A Westside story

Times Staff Writer

CONSIDER this a warning. If you make your home in one of the affluent parts of Los Angeles, especially on the Westside, Nicole Holofcener knows where you live. She might even be under the bed, taking notes. She knows all of our secrets and our lies, how we fight and fool ourselves and each other, how we hurt and how we love. She knows it all, and she’s put it into one piercingly observed, achingly perceptive film, “Friends With Money.”

“Friends” is the writer-director’s third feature, following “Walking and Talking” and “Lovely and Amazing,” projects much admired for their individuality, insight and ability to eavesdrop on contemporary reality. But this piece takes Holofcener’s gifts to a new level, deepening her sensibility, broadening her appeal and in all ways fulfilling the promise of what came before.

With a quartet of splendid actresses -- Catherine Keener, Jennifer Aniston, Frances McDormand and Joan Cusack -- playing friends who have all kinds of issues with the love and money that is and isn’t in their lives, the result is an exquisitely calibrated hypermodern comedy of manners. A quiet but devastating ensemble piece, both acerbic and sweet, “Friends” blends empathy and a great sense of comic timing with the richness of Holofcener’s trademark take-no-prisoners observations.

In fact, the writer-director holds such a keen mirror to modern times, has such a perfect ear for who we are and how we live in this particular corner of the world -- brie on wheat bread, anyone? -- that she brings another writer to mind. A woman who advised a young writer that “three or four families in a country village is the very thing to work on” and who famously never expanded her horizons beyond “the little bit (two inches wide) of ivory on which I work with so fine a brush.” A woman named Jane Austen.


Calling Holofcener the Jane Austen of West L.A. not only is not a stretch, it points up one of the exceptional qualities of her work. The very specificity of the film’s participants -- people who shop at the Santa Monica Farmers Market, go to movies on the Third Street Promenade and eat in Chaya Venice -- gives them the heft of reality and truth that is essential for creating universality. As Holofcener says in the press notes, “the issues that the characters themselves have could be anywhere. Self-loathing, narcissism and pain is not limited to Los Angeles.”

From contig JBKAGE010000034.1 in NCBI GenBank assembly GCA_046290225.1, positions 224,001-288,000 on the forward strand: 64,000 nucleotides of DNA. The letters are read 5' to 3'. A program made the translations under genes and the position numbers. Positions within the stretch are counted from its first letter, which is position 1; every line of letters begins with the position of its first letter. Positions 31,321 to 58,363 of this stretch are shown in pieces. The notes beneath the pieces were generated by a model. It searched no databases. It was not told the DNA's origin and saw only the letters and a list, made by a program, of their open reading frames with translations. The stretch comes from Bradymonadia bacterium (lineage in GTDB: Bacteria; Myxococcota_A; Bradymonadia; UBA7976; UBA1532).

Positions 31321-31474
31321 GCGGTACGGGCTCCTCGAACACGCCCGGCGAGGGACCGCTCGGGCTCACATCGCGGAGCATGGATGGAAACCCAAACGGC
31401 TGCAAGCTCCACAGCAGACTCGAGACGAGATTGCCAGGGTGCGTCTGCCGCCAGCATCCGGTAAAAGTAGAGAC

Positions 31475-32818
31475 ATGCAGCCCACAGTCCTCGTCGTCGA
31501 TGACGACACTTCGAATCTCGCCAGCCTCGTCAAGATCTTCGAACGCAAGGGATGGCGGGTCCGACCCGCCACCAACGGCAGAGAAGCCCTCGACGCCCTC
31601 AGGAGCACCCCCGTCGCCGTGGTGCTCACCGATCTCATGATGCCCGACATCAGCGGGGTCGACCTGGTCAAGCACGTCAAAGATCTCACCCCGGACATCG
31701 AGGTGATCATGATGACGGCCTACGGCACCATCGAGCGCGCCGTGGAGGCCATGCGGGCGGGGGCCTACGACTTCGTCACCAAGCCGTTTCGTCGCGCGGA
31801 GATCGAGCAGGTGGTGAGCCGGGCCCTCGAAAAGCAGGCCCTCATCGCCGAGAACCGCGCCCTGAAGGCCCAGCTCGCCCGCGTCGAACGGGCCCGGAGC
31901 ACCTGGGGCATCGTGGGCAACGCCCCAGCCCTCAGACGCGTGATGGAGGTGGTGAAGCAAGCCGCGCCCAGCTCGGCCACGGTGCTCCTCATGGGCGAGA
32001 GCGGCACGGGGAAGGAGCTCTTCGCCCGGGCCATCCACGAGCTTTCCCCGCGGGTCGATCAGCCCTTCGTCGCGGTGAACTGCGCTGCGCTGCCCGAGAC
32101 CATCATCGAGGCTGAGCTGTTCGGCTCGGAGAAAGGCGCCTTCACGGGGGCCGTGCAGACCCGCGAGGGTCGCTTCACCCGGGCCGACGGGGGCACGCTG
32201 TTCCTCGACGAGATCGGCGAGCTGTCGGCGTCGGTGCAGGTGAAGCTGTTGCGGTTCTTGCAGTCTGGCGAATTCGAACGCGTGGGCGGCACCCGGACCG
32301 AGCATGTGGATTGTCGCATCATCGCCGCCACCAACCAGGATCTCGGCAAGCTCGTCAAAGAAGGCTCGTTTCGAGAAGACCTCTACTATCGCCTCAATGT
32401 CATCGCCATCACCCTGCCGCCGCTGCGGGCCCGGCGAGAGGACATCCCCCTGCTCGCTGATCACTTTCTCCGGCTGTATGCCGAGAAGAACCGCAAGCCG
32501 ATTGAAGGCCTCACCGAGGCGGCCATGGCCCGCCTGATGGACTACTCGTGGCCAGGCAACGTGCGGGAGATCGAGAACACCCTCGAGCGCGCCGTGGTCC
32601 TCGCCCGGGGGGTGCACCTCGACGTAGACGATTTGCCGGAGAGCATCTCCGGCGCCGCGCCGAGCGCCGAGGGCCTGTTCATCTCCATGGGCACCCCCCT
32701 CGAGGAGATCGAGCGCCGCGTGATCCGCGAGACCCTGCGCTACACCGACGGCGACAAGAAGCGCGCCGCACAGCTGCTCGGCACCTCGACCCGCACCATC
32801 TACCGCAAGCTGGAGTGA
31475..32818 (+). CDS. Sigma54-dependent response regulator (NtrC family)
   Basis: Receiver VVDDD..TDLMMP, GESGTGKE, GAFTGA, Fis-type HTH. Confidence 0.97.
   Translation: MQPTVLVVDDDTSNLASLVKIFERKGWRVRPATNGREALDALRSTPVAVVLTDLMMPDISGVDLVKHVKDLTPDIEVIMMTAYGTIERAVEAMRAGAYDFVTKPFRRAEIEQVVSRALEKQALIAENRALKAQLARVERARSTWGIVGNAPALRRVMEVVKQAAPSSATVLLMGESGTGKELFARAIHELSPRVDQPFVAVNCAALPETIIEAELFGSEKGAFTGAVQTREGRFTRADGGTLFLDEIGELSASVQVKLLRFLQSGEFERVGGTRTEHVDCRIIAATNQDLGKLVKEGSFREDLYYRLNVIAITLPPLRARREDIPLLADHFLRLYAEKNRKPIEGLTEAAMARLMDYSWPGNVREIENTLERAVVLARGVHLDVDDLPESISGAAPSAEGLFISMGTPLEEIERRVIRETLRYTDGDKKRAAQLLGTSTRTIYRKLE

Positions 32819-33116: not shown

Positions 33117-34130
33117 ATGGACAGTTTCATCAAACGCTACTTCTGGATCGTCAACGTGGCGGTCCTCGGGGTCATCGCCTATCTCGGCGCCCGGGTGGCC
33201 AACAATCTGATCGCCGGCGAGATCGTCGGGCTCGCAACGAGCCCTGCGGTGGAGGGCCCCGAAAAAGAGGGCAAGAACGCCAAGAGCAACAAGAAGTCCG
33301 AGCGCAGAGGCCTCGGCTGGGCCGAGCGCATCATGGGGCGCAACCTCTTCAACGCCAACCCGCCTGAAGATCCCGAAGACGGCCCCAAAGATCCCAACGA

One of “Friends With Money’s” small jokes with itself is that the actress who plays Olivia, the friend with the least money, least promising romantic life and least fulfilling job is Aniston, America’s tabloid sweetheart and glamorous Vanity Fair cover girl.

Olivia used to teach at an unnamed wealthy Santa Monica private school, but when the kids started tossing quarters at her because she drove an old car, she quit and is currently employed cleaning houses.

Still hung up on an old boyfriend who has moved on, Olivia is so “whatever” about life she doesn’t object when slovenly Marty (Bob Stephenson) argues down her fee. Her main leisure time activity appears to be cadging free samples of an anti-wrinkle lotion called Resolution at department stores all across town.


While Olivia has neither a boyfriend nor disposable income, her trio of married and moneyed friends in their 40s find their relationships in varying states of disarray. Hardly housewives and not all desperate, these women find that their plentiful creature comforts haven’t made them nearly comfortable enough.

When we meet Christine (Keener, the heart of all three Holofcener films), she and David (Jason Isaacs), her husband and screenwriting partner, are approving a house remodel of a size sure to upset their neighbors because “we want it.” It turns out to be practically the last thing they manage to agree on.

Also troubled, though with a better marriage, is Jane (McDormand). A successful dress designer, Jane is perpetually on a low boil, furious because the world doesn’t work the way it should. Her anger is partly because everyone in town -- including her friends -- seems to think that her sweetly sensitive husband Aaron (Simon McBurney) is gay, but she has deeper reasons as well.

Easily the wealthiest of the three is Franny (Cusack), but it suits the film to have her and her husband, Matt (Greg Germann), enjoy the most satisfying marriage. Yet if anything their wealth has made them oblivious and obtuse, as Franny pushes Olivia into a hilariously inappropriate relationship with thickheaded personal trainer Mike (Scott Caan).

Mike is hardly alone in his self-centeredness: One of the things that unites Holofcener’s characters is how oblivious they are to any reality outside their own. Brazenly self-absorbed, with a powerful sense of entitlement, these people know the perfect glib rationalizations to call on (“It’s her choice” or “Are you trying to make me feel bad?”) whenever other people’s concerns make an unscheduled appearance.

“Friends” is acted with real camaraderie by actors who embody the essence of their characters, and who know how to convey the friendship and love that, in spite of how fiercely these women dish each other and their spouses in private, does exist between them.

For what “Friends With Money” wants to say is that, the difficulty and tentativeness involved in creating and sustaining relationships with friends and lovers notwithstanding, other people are finally all we have that counts. “I don’t know what I’d do without you guys,” the difficult Jane says at one point, and despite evidence to the contrary, she truly means it.



‘Friends With Money’

MPAA rating: R for language, some sexual content and brief drug use

A Sony Pictures Classics release. Writer-director Nicole Holofcener. Producer Anthony Bregman. Director of photography Terry Stacey. Editor Robert Frazen. Running time: 1 hour, 28 minutes.

At selected theaters.